could do on their own (Vygotsky, 1978).

RESEARCH QUESTION
To identify the key elements in the living environment from the perspective of the children
What are the important physical qualities of the environment?
What are the important social qualities of the environment?
What are the important cognitive qualities of the environment?
Are there some design strategies to achieve such qualities

METHODOLOGY

ISSUE
Literature Review

Perception
Parameters

THEORIES

Literature
case study
Design
Strategies

Spatial need

Observations

Result

LITERATURE STUDY
Physical

SPACE

Social

Cognitive

Bodily growth
Maturation
Interaction of
children with
surroundings

Transaction with peers


and elders affords
them to assimilate and
accommodate the
actions of others.

the perceptual
responses of the
children with the
spaces and features.

- Striniste and Moore, 1989

LITERATURE STUDY
Cognitively, the children will deduce that the architecture developed by adults without their participation as
two parts: building and outdoor space. They can clearly understand the architecture is man-made and the
landscape is natural. In short, they perceive that architecture is not integrated with the landscape.

In summary, even though we know that experience of childhood in built and natural environments are diverse, but
are often characterized by adult control, restriction and helplessness (Pradhan, 2007). And, the design of spaces for
children follows the standard requirement by the design authority or institutional agency. Such practices did not
allow the views of children to be part of the design process of the architecture.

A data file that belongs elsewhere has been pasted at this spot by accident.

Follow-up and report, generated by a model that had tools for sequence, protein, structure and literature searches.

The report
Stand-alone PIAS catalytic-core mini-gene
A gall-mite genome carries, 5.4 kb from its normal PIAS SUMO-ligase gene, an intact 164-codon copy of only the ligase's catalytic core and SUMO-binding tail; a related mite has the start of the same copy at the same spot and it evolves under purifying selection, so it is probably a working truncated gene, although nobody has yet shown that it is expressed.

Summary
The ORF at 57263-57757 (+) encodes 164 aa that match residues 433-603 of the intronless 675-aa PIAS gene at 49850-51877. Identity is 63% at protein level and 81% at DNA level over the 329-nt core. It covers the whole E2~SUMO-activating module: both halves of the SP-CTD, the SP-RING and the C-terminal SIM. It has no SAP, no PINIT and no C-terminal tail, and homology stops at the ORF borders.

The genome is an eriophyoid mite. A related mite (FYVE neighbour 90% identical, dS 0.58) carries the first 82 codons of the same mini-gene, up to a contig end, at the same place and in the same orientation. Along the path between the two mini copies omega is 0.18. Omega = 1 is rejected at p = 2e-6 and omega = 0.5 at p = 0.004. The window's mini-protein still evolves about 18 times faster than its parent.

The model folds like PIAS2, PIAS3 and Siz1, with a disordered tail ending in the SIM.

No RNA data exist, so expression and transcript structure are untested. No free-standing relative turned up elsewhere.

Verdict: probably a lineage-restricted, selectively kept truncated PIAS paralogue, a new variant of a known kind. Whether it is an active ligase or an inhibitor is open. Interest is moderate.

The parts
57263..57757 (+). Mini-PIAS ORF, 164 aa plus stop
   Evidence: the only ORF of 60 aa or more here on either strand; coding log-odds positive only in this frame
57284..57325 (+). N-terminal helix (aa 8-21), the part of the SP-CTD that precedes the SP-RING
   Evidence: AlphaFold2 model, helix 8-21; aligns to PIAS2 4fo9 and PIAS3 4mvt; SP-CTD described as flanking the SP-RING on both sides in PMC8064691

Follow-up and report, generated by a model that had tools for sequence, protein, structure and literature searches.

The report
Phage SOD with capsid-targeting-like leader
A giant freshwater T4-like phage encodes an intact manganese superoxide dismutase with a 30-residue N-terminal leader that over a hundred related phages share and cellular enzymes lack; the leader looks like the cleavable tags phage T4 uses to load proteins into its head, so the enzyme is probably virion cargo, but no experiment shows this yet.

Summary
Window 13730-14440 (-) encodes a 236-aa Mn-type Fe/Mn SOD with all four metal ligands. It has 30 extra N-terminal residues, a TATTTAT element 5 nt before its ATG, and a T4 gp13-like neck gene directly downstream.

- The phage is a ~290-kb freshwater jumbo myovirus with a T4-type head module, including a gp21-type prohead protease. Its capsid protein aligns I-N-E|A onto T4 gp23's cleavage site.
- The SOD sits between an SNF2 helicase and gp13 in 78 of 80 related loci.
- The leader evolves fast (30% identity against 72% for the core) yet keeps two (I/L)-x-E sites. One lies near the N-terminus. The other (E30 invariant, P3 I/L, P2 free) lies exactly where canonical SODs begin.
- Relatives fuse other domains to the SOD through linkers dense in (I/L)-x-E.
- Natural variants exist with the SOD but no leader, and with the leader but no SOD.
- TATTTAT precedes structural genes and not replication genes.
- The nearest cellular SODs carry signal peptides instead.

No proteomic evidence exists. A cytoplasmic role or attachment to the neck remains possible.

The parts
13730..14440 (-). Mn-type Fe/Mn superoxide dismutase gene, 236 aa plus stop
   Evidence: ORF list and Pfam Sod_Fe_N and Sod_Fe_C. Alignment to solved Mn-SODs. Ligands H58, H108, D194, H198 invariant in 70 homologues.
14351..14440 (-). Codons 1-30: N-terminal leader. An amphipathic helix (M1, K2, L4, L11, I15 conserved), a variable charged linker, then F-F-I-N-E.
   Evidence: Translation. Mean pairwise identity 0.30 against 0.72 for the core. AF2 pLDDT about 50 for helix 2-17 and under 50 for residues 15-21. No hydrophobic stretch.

-Ismail Said , 2010

LITERATURE STUDY
Children
Bonding
with nature

Exploration

PLAY

Smell

Cognitive
faculties

Sight

Audio

Taste
Touch

In middle childhood, children are genetically programmed for exploration of the world and bonding with nature.
That is, they learnt on how the world works in evocative way, their logical reasoning only about concrete objects
that are readily observed. As such the children are active in grasping and understanding the natural world through
play

- Cobb, 1969

LITERATURE STUDY
There are various concepts of the child-space relation. A widely accepted concept is the "awareness of the
place", which characterizes a larger scope and higher synthetic level because it includes other concepts
describing human relationship towards the space. The most cited concepts of this type are:
Binding to a place in space
Identification and
Belonging to a place
Trying to define a place that a child is attached to, it is often said that it is the space in which a child is
happy, and regrets leaving it and feels dissatisfied when it has to go. However, the real reason for a child's
bonding to a certain place in space is that such place has some special attributes.

Wavy wall line and new structures on it as dividing element in


spaces for children and simultaneously a gathering place The
little school, San Fransisco.
-Danica Stankovi, 2008

LITERATURE STUDY
Infants and toddlers need:

Elementary Age Children need:

Safe spaces to explore.

Space to use study skills and complete large projects.

Lots of care and supervision.

Areas to display artwork.

Interesting things to do and look at.

Storage for collections.